Ben Affleck’s latest effort as a director, Argo, saw the burgeoning filmmaker stepping a bit out of his wheelhouse and making a period piece set in 70s Los Angeles and Iran instead of making another one of the contemporary, Boston-set crime films that had brought him to the dance. Seeing as he was rewarded for his efforts with a Best Picture win at this year’s Oscar ceremony, it’s not surprising to see him once again looking at projects that are a little bit different from the style of film everyone assumed he was on his way to becoming known for.
Deadline reports that the latest project he’s looking at is an adaptation of Nathaniel Philbrick’s upcoming novel, “Bunker Hill: A City, a Siege, a Revolution.” According to the trade, Warner Bros just closed a high six figure deal to get the film rights to the book, which are being given to Affleck and Matt Damon’s Pearl Street Films and are intended to be used as a directing vehicle for Affleck. Early word has the director bringing back his Argo scribe, Chris Terrio, to pen the adaptation.
While Bunker Hill would be taking Affleck back to his hometown roots of Boston, it would also see him expanding his experience as a maker of period films, as the story is set two hundred years before the feathered hairdos and mutton chops of Argo, in 1775—and it’s something of a war movie to boot. Amazon’s description of Philbrick’s novel states:
“Boston in 1775 is an island city occupied by British troops after a series of incendiary incidents by patriots who range from sober citizens to thuggish vigilantes. After the Boston Tea Party, British and American soldiers and Massachusetts residents have warily maneuvered around each other until April 19, when violence finally erupts at Lexington and Concord. In June, however, with the city cut off from supplies by a British blockade and Patriot militia poised in siege, skirmishes give way to outright war in the Battle of Bunker Hill. It would be the bloodiest battle of the Revolution to come, and the point of no return for the rebellious colonists.”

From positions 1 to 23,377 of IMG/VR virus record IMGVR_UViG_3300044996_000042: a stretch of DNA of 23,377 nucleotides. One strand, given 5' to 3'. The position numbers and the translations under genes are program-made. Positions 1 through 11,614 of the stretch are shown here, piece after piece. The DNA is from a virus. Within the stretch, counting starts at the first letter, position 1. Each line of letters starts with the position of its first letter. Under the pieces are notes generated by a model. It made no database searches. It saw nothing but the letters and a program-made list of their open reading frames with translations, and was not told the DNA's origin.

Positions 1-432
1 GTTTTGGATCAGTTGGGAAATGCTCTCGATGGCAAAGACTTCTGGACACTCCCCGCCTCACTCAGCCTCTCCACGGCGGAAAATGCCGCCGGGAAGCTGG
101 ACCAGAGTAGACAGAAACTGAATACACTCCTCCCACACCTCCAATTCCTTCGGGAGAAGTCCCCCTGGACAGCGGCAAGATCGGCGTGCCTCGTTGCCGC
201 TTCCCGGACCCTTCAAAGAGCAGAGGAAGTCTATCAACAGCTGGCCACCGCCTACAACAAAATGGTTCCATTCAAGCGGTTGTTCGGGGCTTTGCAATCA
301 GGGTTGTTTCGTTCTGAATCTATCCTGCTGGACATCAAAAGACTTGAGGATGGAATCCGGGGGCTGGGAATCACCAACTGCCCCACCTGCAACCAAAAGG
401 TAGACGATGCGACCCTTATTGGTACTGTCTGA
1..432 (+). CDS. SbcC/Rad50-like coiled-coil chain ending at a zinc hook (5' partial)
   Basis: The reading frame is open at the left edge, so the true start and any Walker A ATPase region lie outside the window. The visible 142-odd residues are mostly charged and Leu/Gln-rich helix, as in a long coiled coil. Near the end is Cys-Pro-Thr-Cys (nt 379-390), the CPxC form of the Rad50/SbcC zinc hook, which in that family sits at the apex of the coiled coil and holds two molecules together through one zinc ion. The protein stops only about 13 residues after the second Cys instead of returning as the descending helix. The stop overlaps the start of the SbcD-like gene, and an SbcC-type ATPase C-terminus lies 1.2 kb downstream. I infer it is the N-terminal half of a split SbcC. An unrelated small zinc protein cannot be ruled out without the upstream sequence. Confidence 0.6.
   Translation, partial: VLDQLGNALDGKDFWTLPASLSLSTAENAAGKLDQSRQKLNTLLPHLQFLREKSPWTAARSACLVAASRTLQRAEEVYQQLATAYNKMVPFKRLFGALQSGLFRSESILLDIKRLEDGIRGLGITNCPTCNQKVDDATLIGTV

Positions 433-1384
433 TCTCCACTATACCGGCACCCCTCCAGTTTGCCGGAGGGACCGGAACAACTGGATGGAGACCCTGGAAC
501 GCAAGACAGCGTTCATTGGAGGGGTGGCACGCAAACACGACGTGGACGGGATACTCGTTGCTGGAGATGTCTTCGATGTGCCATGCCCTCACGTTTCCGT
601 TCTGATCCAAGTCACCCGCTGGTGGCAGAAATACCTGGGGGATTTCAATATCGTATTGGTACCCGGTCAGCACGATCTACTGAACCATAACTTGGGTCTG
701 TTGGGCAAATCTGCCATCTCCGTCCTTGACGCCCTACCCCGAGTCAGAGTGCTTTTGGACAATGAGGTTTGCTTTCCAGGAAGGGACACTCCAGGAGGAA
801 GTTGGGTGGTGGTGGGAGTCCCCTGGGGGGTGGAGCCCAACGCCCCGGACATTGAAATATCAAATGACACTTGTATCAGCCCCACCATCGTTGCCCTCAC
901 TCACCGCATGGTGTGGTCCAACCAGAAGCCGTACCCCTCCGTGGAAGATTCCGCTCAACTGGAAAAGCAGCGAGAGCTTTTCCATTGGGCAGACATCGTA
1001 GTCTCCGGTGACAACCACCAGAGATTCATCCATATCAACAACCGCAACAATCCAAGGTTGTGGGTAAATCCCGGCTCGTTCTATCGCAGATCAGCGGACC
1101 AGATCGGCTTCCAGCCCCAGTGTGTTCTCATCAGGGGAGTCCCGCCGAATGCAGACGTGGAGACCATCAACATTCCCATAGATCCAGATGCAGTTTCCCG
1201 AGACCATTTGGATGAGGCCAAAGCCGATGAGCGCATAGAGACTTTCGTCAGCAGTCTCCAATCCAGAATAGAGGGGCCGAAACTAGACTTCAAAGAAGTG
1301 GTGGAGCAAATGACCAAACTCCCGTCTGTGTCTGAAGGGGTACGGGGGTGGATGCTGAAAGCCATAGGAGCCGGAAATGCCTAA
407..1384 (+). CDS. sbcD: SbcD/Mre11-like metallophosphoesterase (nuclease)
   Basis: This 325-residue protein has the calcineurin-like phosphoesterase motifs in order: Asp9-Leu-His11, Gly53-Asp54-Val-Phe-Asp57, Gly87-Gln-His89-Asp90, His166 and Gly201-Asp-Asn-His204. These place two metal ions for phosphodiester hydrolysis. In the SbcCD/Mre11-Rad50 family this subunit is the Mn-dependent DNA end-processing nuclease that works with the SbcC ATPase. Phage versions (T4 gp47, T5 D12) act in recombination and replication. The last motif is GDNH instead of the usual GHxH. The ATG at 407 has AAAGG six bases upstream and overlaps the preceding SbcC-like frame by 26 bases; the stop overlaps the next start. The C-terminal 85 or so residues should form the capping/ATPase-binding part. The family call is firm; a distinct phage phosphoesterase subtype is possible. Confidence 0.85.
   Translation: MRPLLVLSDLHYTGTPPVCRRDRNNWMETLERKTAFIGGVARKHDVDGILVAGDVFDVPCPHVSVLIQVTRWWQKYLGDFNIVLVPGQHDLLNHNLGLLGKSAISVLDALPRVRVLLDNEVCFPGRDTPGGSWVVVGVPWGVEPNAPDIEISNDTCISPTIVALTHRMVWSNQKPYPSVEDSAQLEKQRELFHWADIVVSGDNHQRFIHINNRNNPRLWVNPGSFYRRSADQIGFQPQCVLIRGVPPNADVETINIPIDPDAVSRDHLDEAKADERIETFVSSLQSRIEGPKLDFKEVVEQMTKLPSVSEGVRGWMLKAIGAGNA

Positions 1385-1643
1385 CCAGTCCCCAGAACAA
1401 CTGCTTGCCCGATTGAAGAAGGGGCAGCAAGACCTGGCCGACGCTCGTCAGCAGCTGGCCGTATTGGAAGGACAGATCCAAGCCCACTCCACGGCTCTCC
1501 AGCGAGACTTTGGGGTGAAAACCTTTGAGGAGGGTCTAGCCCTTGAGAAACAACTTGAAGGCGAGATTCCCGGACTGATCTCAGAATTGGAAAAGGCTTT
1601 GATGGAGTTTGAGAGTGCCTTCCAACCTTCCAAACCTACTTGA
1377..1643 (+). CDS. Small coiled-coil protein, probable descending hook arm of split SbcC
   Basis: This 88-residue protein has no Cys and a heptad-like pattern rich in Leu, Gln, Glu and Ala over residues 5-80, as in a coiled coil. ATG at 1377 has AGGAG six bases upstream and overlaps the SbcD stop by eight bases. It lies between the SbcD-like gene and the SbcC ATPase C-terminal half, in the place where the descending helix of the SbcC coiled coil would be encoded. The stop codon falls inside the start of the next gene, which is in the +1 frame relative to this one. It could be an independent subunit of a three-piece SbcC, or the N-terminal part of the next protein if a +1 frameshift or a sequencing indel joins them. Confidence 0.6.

It sounds like Bunker Hill is the sort of project that’s really going to tap into the blind drunkenness and brutish aggression that makes Boston special. And, seeing as Philbrick’s novel features a cast of characters that includes rabble-rouser Joseph Warren, Paul Revere, the poet Mercy Scollay, General Thomas Gage, General William Howe, and George Friggin’ Washington, chances are it’s going to give Affleck plenty of chances to call up all of his famous friends and put together the sort of ensemble cast that audiences and distributors of little golden statues love come awards season. These are exciting times to be alive. Not 1775 exciting, but exciting nonetheless.